B.C.'s party leaders are participating in a debate tonight ahead of the province’s election on Oct. 24. BC Liberal Leader Andrew Wilkinson was criticized over the weekend for not intervening when a colleague made sexist remarks at a virtual fundraiser last month.

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Alberta’s governing United Conservative Party says it will cut 11,000 jobs at Alberta Health Services in a bid to save money. The provincial government says frontline workers, such as nurses, will be spared, but other jobs will be outsourced.

Senate confirmation hearings continue for Amy Coney Barrett, U.S. President Donald Trump’s new nominee for the Supreme Court. She mostly declined to give her views on topics like abortion and Obamacare.

And the American southwest is a battleground region in this fall’s election, due to shifting demographics and some voters' exasperation with President Trump’s divisive policies. “The state of the country right now is kind of weird,” one voter (who supported Mr. Trump in 2016) told The Globe.

Campbell Clark (The Globe and Mail) on the NDP’s push to raise taxes on the wealthy: “As a money raiser, wealth taxes don’t quite live up to that hype: The NDP’s tax proposals would bring in billions, but not tens of billions, and nothing like the sums needed to cover this year’s $343-billion deficit. Yet the other justification – fairness – has the potential to be a political winner for the NDP. Tax fairness is in the eye of the beholder, and a sizable portion of Canadians feel something is unjust.”

Kelly Cryderman (The Globe and Mail) on Alberta’s recent announcement on diversifying its economy: “But have no doubt, in tandem with that green-branded plan to become a centre for the repurposing and recycling of old plastic, Alberta also wants to get involved in much more new plastic-making. It wants to leverage its massive natural gas reserves (plastics are almost always made with chemicals derived from fossil fuels) to expand its already significant petrochemical sector.”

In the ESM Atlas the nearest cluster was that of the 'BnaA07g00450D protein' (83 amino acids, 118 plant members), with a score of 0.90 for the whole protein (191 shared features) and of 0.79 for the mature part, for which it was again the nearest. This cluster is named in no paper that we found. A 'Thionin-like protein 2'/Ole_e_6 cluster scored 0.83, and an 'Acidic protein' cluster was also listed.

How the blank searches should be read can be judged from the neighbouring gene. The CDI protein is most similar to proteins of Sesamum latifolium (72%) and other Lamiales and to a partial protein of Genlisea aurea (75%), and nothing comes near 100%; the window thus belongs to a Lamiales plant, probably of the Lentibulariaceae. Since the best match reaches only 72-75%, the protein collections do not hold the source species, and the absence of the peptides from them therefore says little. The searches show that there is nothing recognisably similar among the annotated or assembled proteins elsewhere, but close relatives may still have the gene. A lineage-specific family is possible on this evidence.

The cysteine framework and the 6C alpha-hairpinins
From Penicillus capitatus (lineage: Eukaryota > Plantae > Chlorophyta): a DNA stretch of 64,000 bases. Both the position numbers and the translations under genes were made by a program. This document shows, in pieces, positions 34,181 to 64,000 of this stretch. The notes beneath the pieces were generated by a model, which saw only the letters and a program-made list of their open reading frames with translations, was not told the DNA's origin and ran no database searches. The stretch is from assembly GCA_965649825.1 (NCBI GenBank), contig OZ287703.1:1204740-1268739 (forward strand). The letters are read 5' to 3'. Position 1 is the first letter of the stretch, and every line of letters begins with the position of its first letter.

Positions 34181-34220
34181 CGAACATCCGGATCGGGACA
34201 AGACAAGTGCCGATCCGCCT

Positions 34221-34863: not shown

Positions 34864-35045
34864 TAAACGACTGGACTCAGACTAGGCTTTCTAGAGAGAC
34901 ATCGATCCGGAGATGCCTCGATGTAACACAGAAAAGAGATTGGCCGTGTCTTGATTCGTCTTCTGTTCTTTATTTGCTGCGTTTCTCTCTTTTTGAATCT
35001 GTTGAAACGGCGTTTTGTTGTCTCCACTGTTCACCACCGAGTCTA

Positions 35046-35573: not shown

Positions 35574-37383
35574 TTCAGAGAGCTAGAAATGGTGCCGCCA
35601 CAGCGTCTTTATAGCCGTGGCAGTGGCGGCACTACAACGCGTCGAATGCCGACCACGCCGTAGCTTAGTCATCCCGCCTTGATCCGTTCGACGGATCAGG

William A. Macdonald (The Globe and Mail) on Alberta, Quebec and achieving national unity: “Alberta and Quebec are similar in often being very much unto themselves. Quebec feels strongly about itself for reasons of language, ethnicity and history. Alberta feels distinct – and often alienated – for socio-cultural reasons, and has long complained about the rest of the country taking financial advantage of it.”

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Diane Francis (National Post) on Trump’s next few weeks: “History reveals that as power ebbs desperate leaders undertake desperate actions. Some monarchs have launched wars and Nero watched Rome burn, as the legend goes. And in the most powerful democracy today, there’s rising concern about an erratic President Donald Trump who thrashes around in a worrisome manner as his polling support sags.”

Margaret MacMillan (The Globe and Mail) on our polarized politics and how civil wars erupt: “Civil war is not inevitable even in deeply divided societies, but one danger point is reached when the rhetoric becomes more exaggerated, to claim: ‘We are noble and virtuous; they are base and evil.’ As Yugoslavia started its downward trajectory, the extreme Orthodox Serbs and Catholic Croats took to calling the Bosnian Muslims Turks to suggest they were strangers in the land. It is easy to dehumanize opponents by calling them vermin, insects or diseases that are poisoning the body politic. We heard such language in Rwanda and are hearing it today used against the Rohingya in Myanmar. Donald Trump calls Mexican migrants rapists or drug dealers, or labels COVID-19 the ‘China virus’ to suggest that it is alien and un-American. And as the language becomes more violent, contemplating violence itself becomes easier.”